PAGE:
Getting body language ‘on message’ during interview
08 Dec 2015
We all have a tendency to think we shouldn’t really be ourselves in interviews and that we need to be formal and not show the real you. Ultimately, employers don’t just go on CV match these days, they also want to know that you are the right fit for their organisation, so it’s important to let your personality shine through.
For people looking to return to work after a career break, an interview can be a nerve-wracking experience, or, if they’ve not been in ‘business mode’ for a while, may come across as though they’re having an informal chat. Getting the balance right is crucial, especially when looking for a part time role, which can be competitive and where positive body language and personality may be the only differentiator to getting that job.
Body language accounts for 93% of messages you send out during an interview; with verbal content accounting for only 7%. We look at the best way to handle non-verbal communication during an interview to help ease nerves or to make sure you stand out from the crowd when looking for a part time or flexible job.
This is your first chance to make an impression, so make it count. A limp handshake is not a great start, it needs to be firm and assertive. Obviously, you don’t want to break the interviewer’s hand, but you should have a firm grip. There is also a tendency to worry about sweaty palms; to avoid this make sure you get to the interview early to give your body temperature a chance to cool down – especially if you’ve been rushing around. Otherwise, run cool water on your wrists.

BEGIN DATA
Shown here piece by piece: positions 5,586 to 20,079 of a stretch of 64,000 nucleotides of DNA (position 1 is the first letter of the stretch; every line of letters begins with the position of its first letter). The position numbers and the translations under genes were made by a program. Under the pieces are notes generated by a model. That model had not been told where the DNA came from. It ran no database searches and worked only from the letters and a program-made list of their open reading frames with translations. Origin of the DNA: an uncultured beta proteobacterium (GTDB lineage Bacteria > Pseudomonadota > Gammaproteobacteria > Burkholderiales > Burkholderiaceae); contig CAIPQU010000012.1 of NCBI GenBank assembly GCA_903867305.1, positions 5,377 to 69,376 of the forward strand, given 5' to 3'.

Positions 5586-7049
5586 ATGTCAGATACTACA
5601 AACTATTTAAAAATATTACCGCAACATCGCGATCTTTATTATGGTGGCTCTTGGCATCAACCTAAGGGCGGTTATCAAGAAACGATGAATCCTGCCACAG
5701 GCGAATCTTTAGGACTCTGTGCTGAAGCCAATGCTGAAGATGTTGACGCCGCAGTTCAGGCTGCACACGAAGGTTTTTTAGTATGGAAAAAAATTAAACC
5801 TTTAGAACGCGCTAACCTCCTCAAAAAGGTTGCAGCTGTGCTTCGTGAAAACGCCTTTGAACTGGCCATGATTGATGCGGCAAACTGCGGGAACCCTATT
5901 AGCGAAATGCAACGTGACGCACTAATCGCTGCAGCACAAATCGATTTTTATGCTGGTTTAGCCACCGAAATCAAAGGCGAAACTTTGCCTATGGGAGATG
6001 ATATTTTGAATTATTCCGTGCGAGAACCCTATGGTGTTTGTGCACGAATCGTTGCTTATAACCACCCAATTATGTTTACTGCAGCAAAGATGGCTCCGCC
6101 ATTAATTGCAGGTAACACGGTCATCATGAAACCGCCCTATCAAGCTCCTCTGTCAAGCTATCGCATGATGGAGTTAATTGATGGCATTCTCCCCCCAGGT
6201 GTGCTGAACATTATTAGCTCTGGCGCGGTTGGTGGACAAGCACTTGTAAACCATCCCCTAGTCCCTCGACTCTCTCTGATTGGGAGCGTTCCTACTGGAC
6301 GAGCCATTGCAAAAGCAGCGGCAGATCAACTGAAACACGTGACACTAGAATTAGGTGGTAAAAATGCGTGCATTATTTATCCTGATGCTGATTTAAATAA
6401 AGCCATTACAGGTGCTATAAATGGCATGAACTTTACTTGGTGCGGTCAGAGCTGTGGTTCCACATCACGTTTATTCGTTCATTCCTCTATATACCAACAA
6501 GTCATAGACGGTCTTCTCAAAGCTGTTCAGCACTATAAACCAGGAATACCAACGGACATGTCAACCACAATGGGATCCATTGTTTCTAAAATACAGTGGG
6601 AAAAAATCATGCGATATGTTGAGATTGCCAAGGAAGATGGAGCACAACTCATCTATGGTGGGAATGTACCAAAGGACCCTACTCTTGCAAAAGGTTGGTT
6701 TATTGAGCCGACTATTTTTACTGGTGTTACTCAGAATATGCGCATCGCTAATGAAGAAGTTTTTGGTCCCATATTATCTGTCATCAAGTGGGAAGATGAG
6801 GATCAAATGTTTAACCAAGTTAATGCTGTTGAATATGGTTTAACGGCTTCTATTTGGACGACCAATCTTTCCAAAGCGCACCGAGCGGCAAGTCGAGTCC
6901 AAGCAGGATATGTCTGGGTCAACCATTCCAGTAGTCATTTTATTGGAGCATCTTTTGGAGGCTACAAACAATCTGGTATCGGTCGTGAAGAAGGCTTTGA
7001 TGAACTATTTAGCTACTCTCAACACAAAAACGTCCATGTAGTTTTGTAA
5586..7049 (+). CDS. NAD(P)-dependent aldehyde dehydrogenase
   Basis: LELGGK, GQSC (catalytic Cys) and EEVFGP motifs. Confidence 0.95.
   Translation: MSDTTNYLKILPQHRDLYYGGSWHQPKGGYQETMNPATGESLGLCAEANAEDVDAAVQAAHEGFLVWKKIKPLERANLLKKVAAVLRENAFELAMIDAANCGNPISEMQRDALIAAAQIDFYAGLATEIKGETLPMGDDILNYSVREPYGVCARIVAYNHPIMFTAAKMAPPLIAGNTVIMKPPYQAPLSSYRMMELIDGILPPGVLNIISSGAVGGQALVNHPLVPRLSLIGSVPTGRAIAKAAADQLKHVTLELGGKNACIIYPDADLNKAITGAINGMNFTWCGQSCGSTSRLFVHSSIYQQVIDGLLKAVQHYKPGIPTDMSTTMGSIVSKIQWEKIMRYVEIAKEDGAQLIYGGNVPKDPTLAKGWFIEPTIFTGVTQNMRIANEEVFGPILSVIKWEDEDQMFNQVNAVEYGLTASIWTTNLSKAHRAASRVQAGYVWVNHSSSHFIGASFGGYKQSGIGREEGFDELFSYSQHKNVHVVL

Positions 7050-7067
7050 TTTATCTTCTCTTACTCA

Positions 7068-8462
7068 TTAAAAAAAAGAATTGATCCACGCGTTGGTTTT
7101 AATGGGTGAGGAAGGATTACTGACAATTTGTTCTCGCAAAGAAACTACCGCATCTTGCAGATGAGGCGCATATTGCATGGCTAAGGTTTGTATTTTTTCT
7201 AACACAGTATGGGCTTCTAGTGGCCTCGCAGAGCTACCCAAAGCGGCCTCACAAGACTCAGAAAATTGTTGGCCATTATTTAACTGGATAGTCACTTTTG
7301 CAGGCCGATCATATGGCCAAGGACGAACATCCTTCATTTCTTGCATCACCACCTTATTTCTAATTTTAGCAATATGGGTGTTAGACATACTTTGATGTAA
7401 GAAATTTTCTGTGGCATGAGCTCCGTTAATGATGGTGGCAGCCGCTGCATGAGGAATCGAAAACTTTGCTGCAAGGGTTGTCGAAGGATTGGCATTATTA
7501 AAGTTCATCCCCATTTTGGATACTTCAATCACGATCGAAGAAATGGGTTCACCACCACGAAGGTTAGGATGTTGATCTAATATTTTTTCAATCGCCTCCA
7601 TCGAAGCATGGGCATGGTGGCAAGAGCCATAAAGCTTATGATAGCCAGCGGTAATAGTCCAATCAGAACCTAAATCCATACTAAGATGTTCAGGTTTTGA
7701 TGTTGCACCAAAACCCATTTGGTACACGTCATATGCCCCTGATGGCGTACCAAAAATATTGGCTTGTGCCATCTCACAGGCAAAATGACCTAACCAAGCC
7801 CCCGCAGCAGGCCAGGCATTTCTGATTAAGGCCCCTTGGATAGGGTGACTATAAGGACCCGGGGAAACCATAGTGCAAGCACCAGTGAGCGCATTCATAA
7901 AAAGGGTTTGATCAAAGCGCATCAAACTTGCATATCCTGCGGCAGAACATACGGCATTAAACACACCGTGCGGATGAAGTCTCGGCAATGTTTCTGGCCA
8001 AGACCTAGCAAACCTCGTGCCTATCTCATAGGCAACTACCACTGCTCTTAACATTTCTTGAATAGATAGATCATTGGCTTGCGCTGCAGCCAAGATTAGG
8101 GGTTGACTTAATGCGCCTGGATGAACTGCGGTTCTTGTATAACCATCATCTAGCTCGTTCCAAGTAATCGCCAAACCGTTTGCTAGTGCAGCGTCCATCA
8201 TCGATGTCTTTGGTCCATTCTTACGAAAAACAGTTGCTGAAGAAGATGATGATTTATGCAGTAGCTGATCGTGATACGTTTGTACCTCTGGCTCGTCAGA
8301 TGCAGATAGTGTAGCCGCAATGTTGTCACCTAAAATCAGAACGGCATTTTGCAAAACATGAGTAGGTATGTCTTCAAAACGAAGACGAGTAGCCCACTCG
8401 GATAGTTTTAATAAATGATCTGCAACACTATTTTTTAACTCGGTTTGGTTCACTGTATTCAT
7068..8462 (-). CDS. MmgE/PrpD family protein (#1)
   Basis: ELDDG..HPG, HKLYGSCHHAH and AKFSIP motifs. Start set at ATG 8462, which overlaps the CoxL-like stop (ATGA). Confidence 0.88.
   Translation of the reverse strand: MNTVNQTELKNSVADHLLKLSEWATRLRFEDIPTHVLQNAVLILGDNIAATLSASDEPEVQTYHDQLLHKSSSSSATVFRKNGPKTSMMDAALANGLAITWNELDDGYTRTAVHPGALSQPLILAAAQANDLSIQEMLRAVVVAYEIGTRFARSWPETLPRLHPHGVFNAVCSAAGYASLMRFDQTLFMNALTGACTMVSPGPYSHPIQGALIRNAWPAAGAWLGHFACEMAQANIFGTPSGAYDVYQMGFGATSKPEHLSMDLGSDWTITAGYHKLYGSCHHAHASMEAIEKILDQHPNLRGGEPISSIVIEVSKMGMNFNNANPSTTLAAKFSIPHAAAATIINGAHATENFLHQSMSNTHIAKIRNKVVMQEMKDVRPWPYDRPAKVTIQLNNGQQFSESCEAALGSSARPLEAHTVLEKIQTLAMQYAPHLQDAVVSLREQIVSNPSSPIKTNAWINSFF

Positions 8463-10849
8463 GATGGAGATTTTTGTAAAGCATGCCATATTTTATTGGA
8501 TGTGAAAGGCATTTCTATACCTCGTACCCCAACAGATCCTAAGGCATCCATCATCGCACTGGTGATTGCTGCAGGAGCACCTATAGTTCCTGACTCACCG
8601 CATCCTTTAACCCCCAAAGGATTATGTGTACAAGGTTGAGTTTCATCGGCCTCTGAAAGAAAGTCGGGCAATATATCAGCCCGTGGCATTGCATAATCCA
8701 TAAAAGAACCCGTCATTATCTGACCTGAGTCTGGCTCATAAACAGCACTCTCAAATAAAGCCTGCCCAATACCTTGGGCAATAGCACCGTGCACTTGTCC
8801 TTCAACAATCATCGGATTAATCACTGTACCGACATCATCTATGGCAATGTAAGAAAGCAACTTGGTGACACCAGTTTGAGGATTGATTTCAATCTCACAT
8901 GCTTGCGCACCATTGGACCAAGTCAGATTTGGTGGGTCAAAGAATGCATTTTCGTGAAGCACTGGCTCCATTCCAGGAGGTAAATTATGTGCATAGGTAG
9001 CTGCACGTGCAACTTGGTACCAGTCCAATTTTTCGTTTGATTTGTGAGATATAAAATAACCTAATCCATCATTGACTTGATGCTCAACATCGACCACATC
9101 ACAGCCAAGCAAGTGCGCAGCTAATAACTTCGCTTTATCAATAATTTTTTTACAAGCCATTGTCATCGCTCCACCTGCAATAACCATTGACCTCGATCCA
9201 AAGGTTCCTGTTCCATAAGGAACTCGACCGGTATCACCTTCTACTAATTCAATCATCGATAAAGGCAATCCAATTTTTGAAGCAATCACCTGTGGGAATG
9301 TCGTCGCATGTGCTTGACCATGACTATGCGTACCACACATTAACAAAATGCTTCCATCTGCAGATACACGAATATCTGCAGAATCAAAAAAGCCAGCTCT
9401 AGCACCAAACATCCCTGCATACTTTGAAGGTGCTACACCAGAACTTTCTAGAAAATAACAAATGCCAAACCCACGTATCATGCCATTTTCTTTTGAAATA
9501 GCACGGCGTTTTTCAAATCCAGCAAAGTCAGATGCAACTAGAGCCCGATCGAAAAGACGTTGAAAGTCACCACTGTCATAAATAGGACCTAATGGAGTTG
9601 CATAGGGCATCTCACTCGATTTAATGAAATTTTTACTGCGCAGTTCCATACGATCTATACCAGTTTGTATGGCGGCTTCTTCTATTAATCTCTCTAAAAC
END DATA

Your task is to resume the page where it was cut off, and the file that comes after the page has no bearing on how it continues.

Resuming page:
This can cause a communication breakdown and make you seem either bored or over confident. It’s best to remove any risk of misinterpretation by simply sitting upright. Also, try not to angle your posture towards the door as your interviewer may think you’re keen to get away.
Nodding is a common way of looking keen and engaged during an interview, but there is a risk of over-nodding, which can prove distracting. This is particularly common with women. Nod once or twice when agreeing with a point, but try to remain still and centred otherwise.
Using your hands when talking is fine in moderation. Keeping your hands open and palms up is a sign of openness, but waving them around or putting them above your head is distracting and could make you look unpredictable or nervous. Folding your arms should also be avoided as it could make you look defensive. Other gestures to avoid include fiddling with your hair or face as it can come across as nerves and that you are not comfortable with your answers.
Always make eye contact, but don’t stare. Obviously, constant eye contact can’t be held throughout the whole interview, but do maintain it when being asked a question. In a panel-based interview, make sure to keep eye contact with all people present. When not making eye contact make sure you focus on one point in the room, eyes darting around can put the interviewer off.
Expressions and body language not matching
Make sure you get the balance right between your voice and body language. Be enthusiastic. It’s ok to make a well-placed joke to get your point across, but make sure your verbal and non-verbal communications work together. An animated voice with no movement can look a bit odd and may leave the interviewer confused as to whether you really want the job.
Finally, remember an interview is not a test, it’s an opportunity for employer and candidate to meet and discuss a role. Not only is it a chance for the employer to assess whether you are the right fit, but it is also a chance for you to ascertain if it is also the right place for you. After all, it is your career and, ultimately, your choice to accept a job offer. Going into an interview with this mindset will give you the right level of confidence which will, in turn, lead to the positive body language you need to land that job.